We often like to think of the battle with emotional eating and night snacking as a classic Hero's Journey scenario. Why do we say this? Because there is something you deeply, deeply want. We know this, because you wouldn't be reading this if it wasn't true. Maybe you want your health back, or a sexy body and to start dating again; maybe you just want to feel 'normal' again and not constantly plagued by the fear that you'll binge and eat all night. Maybe you want to go home for the holidays and not be anxious about what your parents and sister are thinking.

Whatever it is, you wouldn't be reading this if there wasn't some major change you really wanted to make in terms of your body and health. And yet, you keep bumping into that threshold.

So how does the hero finally get across this threshold? By having the courage of a warrior. Many people think being a warrior means being aggressive or exploitative of others. However, if you look at the image of a warrior as it shows up in classical stories, the opposite is actually true. A warrior stands for truth and justice. A warrior fights for what he or she wants and deserves.

So, as a warrior, you have to decide what you are going to fight for. You have to decide what you will allow to define your life: your fears or your dreams. You deserve the health and the happiness you want- but you have to claim it. That's the warrior's work.

As a warrior, your job is to claim your power by being at your best,pursuing your happiness and being as healthy as you can be. This requires the courage to change. It requires the courage to fully commit to ourselves and our highest good; to commit to breaking out of this little jail cell we created. It requires the courage to face our fears, "slay our dragons" and fight for what we want!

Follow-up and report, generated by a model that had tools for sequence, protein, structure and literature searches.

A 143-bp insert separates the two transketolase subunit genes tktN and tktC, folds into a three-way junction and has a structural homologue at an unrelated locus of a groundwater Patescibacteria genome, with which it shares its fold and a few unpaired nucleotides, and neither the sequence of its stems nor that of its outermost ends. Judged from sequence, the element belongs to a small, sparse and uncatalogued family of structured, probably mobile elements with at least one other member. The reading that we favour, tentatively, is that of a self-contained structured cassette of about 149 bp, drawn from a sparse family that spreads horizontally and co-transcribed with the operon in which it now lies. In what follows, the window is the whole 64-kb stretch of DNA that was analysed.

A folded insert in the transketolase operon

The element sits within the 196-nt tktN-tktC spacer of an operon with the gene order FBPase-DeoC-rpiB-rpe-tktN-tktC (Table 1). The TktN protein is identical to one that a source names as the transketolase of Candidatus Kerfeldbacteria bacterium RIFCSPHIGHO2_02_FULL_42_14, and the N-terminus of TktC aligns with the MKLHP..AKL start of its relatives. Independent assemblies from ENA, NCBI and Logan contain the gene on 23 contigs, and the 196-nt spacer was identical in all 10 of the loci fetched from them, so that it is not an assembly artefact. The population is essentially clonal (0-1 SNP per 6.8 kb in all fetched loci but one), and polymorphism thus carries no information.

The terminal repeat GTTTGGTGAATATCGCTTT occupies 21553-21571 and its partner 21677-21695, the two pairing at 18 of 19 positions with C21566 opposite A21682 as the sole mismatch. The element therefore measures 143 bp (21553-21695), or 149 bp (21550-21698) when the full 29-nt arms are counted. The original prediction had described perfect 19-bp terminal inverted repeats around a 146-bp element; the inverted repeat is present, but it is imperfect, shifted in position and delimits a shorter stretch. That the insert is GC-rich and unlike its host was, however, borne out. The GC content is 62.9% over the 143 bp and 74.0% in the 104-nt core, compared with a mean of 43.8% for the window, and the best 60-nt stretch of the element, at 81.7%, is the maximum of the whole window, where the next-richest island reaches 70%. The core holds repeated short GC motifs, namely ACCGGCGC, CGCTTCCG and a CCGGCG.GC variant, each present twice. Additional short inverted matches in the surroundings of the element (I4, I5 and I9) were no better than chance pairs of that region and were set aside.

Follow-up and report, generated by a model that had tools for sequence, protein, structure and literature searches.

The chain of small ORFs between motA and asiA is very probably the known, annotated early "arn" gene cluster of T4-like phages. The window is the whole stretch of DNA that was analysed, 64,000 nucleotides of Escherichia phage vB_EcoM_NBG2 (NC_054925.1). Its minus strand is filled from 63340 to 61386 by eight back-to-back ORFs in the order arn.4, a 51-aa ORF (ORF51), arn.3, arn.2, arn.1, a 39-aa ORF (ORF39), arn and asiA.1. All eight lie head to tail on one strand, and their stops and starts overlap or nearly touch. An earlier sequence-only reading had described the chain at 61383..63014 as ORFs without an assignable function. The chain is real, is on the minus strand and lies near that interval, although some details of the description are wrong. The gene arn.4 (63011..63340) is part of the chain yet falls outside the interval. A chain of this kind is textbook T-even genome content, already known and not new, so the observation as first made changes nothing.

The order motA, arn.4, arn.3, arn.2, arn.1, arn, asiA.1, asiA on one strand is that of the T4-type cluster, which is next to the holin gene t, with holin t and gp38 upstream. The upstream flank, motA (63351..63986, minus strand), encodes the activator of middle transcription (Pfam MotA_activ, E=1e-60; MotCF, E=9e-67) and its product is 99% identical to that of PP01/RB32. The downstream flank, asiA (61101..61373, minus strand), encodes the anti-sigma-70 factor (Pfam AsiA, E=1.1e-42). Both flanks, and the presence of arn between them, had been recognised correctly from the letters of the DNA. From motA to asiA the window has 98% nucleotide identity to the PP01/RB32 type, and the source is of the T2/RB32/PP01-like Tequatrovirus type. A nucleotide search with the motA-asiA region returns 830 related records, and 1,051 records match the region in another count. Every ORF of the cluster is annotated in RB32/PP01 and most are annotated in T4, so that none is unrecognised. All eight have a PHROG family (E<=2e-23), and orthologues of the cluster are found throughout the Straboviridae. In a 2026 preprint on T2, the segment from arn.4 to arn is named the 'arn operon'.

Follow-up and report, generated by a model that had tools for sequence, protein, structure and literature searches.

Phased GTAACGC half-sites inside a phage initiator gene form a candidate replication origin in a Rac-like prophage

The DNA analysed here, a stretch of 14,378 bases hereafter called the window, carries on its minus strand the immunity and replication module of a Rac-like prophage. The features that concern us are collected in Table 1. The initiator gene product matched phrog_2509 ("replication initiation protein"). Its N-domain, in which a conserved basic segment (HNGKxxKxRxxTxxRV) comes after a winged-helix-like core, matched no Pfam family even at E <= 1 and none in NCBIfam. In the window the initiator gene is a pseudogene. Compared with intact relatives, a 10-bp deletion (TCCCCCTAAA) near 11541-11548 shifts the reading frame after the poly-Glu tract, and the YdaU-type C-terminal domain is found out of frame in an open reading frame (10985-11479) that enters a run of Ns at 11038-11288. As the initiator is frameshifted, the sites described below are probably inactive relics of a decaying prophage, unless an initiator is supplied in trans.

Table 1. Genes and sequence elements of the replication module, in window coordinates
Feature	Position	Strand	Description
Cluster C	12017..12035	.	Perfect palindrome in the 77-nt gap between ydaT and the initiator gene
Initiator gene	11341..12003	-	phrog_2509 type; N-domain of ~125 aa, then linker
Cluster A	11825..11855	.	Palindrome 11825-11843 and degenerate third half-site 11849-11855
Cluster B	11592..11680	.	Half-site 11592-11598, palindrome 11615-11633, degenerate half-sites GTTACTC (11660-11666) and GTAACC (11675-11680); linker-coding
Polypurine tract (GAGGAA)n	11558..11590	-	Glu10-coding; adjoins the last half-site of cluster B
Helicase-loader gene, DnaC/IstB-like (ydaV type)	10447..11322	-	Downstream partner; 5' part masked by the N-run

Your issues with food are the "battle" you must fight as the hero on your own journey. You CAN shed the limitations and challenges that have kept you stuck in the same rut with your emotional eating for perhaps several years. You have the ability to become a new person in many respects.

Please understand this: the only thing that can hold you back is your unwillingness to grow and learn. The only thing holding you back from stepping onto your Hero's Journey is your own fear, limitation and procrastination.

The truth is, you don't even have to know every step involved in getting there- you just have to be willing to commit to that first step across the threshold. It's really something worth doing, because on the other side is that life you've been wanting for years-maybe even decades.

Voltaire wrote: "Come to the edge, he said. They said: We are afraid. Come to the edge, he said. They came. He pushed them and they flew."

So, will you come meet us at the edge? Life is short and time is precious, so please don't delay.

Have A Great Weekend,
-Joshua"

My particular life battle is this: I can lose a decent amount of weight but I have never been able to keep it off for very long. I can actually see this pattern repeating itself.  Yes, a little differently this time as some of my healthy eating habits do appear to be permanent, but it is happening right before my eyes.

Reading Joshua's words was a great reminder this morning that I can do this, I can keep this weight off and probably even lose what I have gained, but I have to be a warrior. And "life is short and time is precious" so I cannot delay. I will do this. Will you join me?